Two days after the bankruptcy filing Ocean Place sought the court’s permission to use its cash collateral, the Hotel Revenues, in order to pay its ordinary and necessary operating expenses and to reorganize. In the legal battle that ensued the secured lender, AFP argued that it “owned” the Hotel Revenues and therefore they were not available as income to assist Ocean Place in its Chapter 11 reorganization. AFP relied on the precedential authority of In re Jason Realty, 59 F.3d 423, (3d. Cir. 1995) as well as the Absolute Assignment of Leases and Rents given by Ocean Place to AFP as successor-in-interest to Barclays. The language of the Absolute Assignment of Leases and Rents defined “rents” to include: . . . all revenues and credit card receipts collected from guest rooms, restaurants, bars, meeting rooms, banquets rooms and recreation facilities, all receivables, customer obligations, installment payment obligations and other obligations now existing or hereafter arising or created out of the sale, lease, sublease, license, or rendering of services by Borrower [Ocean Place] or any operator or manager of the hotel or the commercial space located in the Improvements [the premises] or acquired by others . . ., license, lease, sublease and concession fees and rentals, health club membership fees, food and beverage wholesale and retail sales, service charges, vending machines sales and process, if any . . .whether paid or accruing before or after the filing by or against Borrower of any petition for relief under the Bankruptcy Code.

Jason Realty, a decision of the United States Court of Appeals for the Third Circuit (Delaware, Pennsylvania and New Jersey) is followed by many other federal appellate and bankruptcy courts.10Jason Realty was a single asset limited partnership which owned and operated a two story retail and office building. Like Ocean Place it filed Chapter 11, also in New Jersey, to stave off a foreclosure sale. Like Ocean Place it also granted to its secured lender an Absolute Assignment of Leases and Rents. In Jason Realty, the Third Circuit Court of Appeals found for the secured lender, First Fidelity Bank, NA, in holding that the Absolute Assignment of Rents “evidences an absolute assignment of title to the rents, with the assignor [Jason Realty] receiving a license to collect the rents.” As a result, court found that the rent proceeds from the leases were not property of the Jason Realty but rather property of the lender, First Fidelity Bank, pursuant to the Assignment of Leases and Rents. Thus, the “life blood” of Jason Realty’s ability to reorganize, the rents, were not “available” to the debtor to fund its proposed plan of reorganization. In the case of Jason Realty, no rental income meant no “life blood” and the reorganization failed.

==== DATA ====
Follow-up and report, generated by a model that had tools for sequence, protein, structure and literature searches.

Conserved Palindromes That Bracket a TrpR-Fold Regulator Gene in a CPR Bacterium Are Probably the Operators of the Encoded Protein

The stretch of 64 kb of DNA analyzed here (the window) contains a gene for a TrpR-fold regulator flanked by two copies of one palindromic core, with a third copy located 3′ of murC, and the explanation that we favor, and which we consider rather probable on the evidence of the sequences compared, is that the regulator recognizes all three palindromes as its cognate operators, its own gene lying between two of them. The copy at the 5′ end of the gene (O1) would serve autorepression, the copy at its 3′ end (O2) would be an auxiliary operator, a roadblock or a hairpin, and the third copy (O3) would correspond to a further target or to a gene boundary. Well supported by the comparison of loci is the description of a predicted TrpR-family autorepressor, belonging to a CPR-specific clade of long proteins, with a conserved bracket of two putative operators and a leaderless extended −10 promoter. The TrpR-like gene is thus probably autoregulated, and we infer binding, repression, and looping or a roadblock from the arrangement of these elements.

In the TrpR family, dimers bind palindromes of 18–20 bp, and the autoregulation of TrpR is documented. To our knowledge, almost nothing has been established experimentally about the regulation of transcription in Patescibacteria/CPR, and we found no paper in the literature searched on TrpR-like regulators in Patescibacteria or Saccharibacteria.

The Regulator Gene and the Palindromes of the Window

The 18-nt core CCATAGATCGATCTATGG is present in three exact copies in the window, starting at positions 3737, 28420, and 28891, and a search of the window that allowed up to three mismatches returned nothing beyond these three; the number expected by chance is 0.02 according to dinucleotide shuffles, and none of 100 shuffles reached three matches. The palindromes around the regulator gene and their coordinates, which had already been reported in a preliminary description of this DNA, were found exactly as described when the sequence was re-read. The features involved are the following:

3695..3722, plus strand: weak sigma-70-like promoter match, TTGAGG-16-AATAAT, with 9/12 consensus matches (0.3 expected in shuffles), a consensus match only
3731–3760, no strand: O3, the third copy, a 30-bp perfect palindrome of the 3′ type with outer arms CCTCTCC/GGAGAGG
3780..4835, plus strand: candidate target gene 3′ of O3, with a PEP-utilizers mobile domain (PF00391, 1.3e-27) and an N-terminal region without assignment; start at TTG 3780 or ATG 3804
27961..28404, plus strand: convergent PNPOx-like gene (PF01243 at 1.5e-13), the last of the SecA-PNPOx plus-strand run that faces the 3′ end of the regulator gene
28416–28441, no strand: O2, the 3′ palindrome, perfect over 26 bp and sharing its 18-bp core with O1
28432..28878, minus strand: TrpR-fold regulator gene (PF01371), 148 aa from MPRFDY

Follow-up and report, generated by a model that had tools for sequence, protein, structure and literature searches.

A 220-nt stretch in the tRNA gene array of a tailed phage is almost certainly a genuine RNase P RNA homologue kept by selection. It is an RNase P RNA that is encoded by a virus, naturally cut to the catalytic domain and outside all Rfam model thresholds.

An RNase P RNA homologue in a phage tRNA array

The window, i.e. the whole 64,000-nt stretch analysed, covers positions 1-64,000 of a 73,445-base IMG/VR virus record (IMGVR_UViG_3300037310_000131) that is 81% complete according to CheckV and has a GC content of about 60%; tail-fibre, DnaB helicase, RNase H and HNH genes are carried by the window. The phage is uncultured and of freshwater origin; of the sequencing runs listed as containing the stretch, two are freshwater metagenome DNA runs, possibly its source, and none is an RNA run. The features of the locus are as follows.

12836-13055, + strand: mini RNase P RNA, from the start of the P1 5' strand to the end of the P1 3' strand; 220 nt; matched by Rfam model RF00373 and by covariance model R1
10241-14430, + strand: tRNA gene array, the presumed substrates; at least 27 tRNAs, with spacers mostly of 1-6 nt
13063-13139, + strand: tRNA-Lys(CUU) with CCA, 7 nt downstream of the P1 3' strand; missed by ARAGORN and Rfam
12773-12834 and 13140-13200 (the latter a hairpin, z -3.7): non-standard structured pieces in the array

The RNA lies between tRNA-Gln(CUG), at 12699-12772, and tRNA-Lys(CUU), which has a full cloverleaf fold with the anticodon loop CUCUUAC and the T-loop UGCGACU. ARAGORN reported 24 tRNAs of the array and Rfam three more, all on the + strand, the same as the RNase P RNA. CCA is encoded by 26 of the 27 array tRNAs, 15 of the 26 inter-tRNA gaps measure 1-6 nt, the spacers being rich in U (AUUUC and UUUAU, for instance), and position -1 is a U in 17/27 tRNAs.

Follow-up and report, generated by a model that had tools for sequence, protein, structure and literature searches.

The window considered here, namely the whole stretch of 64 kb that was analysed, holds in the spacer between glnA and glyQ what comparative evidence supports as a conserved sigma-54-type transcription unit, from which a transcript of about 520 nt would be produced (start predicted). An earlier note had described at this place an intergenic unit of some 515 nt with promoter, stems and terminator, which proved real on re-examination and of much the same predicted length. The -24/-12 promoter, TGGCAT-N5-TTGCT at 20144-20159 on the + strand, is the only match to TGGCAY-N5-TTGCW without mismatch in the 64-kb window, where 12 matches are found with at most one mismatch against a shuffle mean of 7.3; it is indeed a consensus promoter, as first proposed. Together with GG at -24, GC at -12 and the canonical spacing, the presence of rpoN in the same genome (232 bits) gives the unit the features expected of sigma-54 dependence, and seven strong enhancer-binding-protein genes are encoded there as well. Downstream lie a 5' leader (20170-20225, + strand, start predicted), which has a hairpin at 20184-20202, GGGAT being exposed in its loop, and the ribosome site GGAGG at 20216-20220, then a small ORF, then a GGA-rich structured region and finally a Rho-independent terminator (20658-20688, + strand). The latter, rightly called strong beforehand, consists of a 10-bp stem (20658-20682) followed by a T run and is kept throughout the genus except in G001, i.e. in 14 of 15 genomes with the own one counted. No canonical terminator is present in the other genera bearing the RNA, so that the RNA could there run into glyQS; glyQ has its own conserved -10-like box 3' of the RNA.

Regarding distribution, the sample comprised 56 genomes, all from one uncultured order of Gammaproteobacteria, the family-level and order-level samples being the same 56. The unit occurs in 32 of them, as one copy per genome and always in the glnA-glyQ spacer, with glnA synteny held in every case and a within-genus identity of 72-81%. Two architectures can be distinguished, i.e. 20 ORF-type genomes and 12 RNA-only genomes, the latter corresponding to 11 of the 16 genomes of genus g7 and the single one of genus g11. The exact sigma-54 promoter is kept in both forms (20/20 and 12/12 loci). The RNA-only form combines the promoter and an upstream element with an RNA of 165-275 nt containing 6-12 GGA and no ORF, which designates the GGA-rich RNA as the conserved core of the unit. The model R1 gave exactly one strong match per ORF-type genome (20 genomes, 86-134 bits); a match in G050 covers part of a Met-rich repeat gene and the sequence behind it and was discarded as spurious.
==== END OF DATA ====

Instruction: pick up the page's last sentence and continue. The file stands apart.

HOTEL REVENUES ARE NOT RENT

The court in Ocean Place, however, in a case of first impression11, held that hotel revenues were not “Rent” within the meaning of the Uniform Commercial Code explicitly adopting an analysis of hotel revenues found in a New York case12 and finding that the hotel room revenues were “accounts” or “payments intangible” and are not interests in the realty.13 Specifically, the court held that hotel revenues [defined as revenues generated from room occupancy, food and beverage sales, catering, gift shop purchases, and spa and related hotel services] generated by the Debtor [Ocean Place] did not constitute “rents” and therefore the hotel revenues could be used to pay its ordinary and necessary operating expenses and to reorganize. 14

While the court did find that the secured lender had a perfected security interest in the hotel revenues as “personal property” and not rent, and was “adequately protected,”15 Ocean Place was granted permission by the bankruptcy court to use the hotel revenues, as its “life blood” to attempt to reorganize. Needless to say, AFP was not happy with the outcome. However, the case is on-going and the battles rage-on as of the date of this article.

CONCLUSION

The court in Ocean Place found that Hotel Revenues were not “rent” within the meaning of the Third Circuit Court of Appeals decision of In re Jason Realty, LLC. While the court arguably had the judicial prerogative to extend the Jason Realty decision to assignment of Hotel Revenues, its decision not to do so can be seen as a victory to hospitality owners and operators weathering the economic storm by allowing the use of the revenues to attempt to reorganize. No doubt, however, legal counsel to hospitality lenders will be scrutinizing the decision and their loan documents for a “work around.” In the meantime, the question has been posed whether owners of other distressed property, such as parking garages, storage facilities and other real property that generate revenues which are not necessarily “rent”16 will seek a further legal extension of the Ocean Place decision17 .